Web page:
“It’s like a whole other world, straight up!” said LLA senior Larrel Windom after his first experience using a virtual reality headset on a tour of Singularity University.
“It’s like a whole other world, straight up!” said LLA senior Larrel Windom after his first experience using a virtual reality headset on a recent tour of Singularity University.
Windom and a dozen LLA students and teachers visited the Singularity campus at Moffett Field to learn about their work using technology to solve the world’s biggest problems.
“You get caught up in your own world,” Windom said, which, in his case, positioned him as a person using a wheelchair. Using VR, he said, “you could see stuff differently. It’s like a dream.”
During the visit hosted by Brett Schilke, Director of Impact at Singularity, the students learned about the tech trends that Singularity believes will shape the future of society and address some of the world’s most universal problems.
Students met a talking robot designed in Japan to offer assistance to patients in hospitals, explored tech facilities that support futuristic creations like 3D printed food, and participated in a workshop that asked them to envision what they would do to impact the lives of humans on a grand scale.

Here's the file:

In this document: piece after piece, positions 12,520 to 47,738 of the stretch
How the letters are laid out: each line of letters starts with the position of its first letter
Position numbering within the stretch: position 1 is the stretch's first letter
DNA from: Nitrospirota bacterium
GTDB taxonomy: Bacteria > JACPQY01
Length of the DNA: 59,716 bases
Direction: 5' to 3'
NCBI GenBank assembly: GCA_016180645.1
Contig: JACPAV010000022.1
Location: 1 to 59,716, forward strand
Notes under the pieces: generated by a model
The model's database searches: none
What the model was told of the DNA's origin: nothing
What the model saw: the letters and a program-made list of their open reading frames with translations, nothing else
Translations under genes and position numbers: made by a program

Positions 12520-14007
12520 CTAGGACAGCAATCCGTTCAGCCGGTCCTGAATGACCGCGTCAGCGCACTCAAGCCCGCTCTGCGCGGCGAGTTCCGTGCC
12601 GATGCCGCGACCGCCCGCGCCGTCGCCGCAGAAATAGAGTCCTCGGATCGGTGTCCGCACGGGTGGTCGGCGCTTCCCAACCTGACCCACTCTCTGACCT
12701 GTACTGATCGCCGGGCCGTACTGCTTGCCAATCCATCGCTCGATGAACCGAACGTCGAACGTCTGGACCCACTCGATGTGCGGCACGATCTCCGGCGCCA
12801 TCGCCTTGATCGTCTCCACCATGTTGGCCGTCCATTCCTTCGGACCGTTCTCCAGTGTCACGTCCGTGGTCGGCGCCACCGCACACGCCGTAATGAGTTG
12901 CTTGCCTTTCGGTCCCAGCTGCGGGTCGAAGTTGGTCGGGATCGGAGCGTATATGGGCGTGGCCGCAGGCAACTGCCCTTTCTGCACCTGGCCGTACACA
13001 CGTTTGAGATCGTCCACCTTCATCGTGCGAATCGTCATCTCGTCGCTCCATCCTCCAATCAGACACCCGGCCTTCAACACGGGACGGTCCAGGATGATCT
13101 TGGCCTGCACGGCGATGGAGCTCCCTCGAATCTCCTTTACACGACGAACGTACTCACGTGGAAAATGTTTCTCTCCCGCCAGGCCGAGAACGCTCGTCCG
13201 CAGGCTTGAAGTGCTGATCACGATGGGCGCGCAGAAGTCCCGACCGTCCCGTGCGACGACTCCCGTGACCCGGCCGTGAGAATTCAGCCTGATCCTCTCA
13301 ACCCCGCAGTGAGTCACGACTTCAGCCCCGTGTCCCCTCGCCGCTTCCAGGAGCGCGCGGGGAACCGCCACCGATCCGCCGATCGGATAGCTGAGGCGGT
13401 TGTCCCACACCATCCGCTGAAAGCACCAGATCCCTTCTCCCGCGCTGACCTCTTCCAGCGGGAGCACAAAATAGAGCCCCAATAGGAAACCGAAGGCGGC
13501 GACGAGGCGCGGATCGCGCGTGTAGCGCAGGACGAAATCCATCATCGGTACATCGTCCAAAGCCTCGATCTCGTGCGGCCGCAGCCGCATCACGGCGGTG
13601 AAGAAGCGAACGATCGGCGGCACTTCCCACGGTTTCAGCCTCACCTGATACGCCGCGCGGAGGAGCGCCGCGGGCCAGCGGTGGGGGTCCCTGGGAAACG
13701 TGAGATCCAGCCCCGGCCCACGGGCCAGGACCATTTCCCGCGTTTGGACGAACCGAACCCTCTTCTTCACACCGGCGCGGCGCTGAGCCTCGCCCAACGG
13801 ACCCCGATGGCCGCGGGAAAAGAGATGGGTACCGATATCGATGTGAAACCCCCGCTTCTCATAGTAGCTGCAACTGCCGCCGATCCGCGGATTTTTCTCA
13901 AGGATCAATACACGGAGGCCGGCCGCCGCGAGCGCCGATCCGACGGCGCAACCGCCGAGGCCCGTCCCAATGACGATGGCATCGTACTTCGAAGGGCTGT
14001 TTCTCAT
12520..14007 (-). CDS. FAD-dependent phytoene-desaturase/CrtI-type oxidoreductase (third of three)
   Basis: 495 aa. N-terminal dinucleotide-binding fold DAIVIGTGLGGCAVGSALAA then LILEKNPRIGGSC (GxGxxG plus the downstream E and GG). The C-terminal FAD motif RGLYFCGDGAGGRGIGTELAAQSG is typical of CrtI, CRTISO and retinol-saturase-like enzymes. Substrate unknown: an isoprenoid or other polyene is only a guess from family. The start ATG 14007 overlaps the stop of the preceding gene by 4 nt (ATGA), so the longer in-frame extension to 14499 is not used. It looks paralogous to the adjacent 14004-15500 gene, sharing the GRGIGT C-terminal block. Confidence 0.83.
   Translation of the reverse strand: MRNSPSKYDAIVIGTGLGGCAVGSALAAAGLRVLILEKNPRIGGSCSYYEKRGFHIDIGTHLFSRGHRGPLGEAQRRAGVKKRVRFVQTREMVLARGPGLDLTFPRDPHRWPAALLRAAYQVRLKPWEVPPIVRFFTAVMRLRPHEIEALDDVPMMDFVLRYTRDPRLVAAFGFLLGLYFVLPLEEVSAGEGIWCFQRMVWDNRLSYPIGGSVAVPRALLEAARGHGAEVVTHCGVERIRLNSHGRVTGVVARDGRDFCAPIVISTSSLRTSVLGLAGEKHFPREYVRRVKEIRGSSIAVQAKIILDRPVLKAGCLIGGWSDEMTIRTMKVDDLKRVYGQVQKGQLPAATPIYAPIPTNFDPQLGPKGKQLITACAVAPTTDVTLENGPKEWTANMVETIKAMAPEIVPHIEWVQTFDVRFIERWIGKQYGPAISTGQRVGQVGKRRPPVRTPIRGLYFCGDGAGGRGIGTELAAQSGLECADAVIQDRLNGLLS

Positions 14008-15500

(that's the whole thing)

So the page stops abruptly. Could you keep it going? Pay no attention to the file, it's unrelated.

For senior Ari Liccardo, this idea was both inspiring and daunting. In considering how he steer a billion people to improve the human experience, he says, he wrote:
“My billion will be revolutionaries reconstructing the American government.”
Liccardo saw both the potential for good in using technology to improve our future, and also the potential pitfalls. He noted that while an artificially intelligent autonomous robot could help care for patients, it could also become a liability in the wrong hands — it’s own!
“Robots, they learn a feeling, and that’s the feeling, that’s what they do,” he said, pointing out that the technology has a long way to go before it’s clear that it will be helpful and safe.
Above: Ari Liccardo (left) and Leina Lefiti complete their #mybillion statements. Top: Larrel Windom and the LLA visitors explore virtual reality. Photos courtesy of Singularity University.
Liccardo and Windom both noted that what seemed like futuristic ideas before the visit are all but inevitable based on the rapidly advancing pace of technology.
“It kind of blew my mind,” said Liccardo. “It hit me all at once. They were talking about things that most people in the country have never heard of.”
“The future of the entire nation is sitting right here,” he said.
For Windom, the potential benefits seem worth the potential risk.
“Singularity is all about finding ways to help humans, without actually using humans,” he said, expressing optimism that future inventions could make it possible for people who are born with less access to gain information and opportunities that they otherwise wouldn’t have.
“People are given certain lifestyles due to the circumstances of what happened before them,” Windom explained. “It’s their history, but they can’t change their past.”
The challenge he envisions using new technology to solve, he says, is to “give somebody a fresh start, give them choices” about who they will be, as actual humans, in the future.
The LLA team assembles outside Singularity University.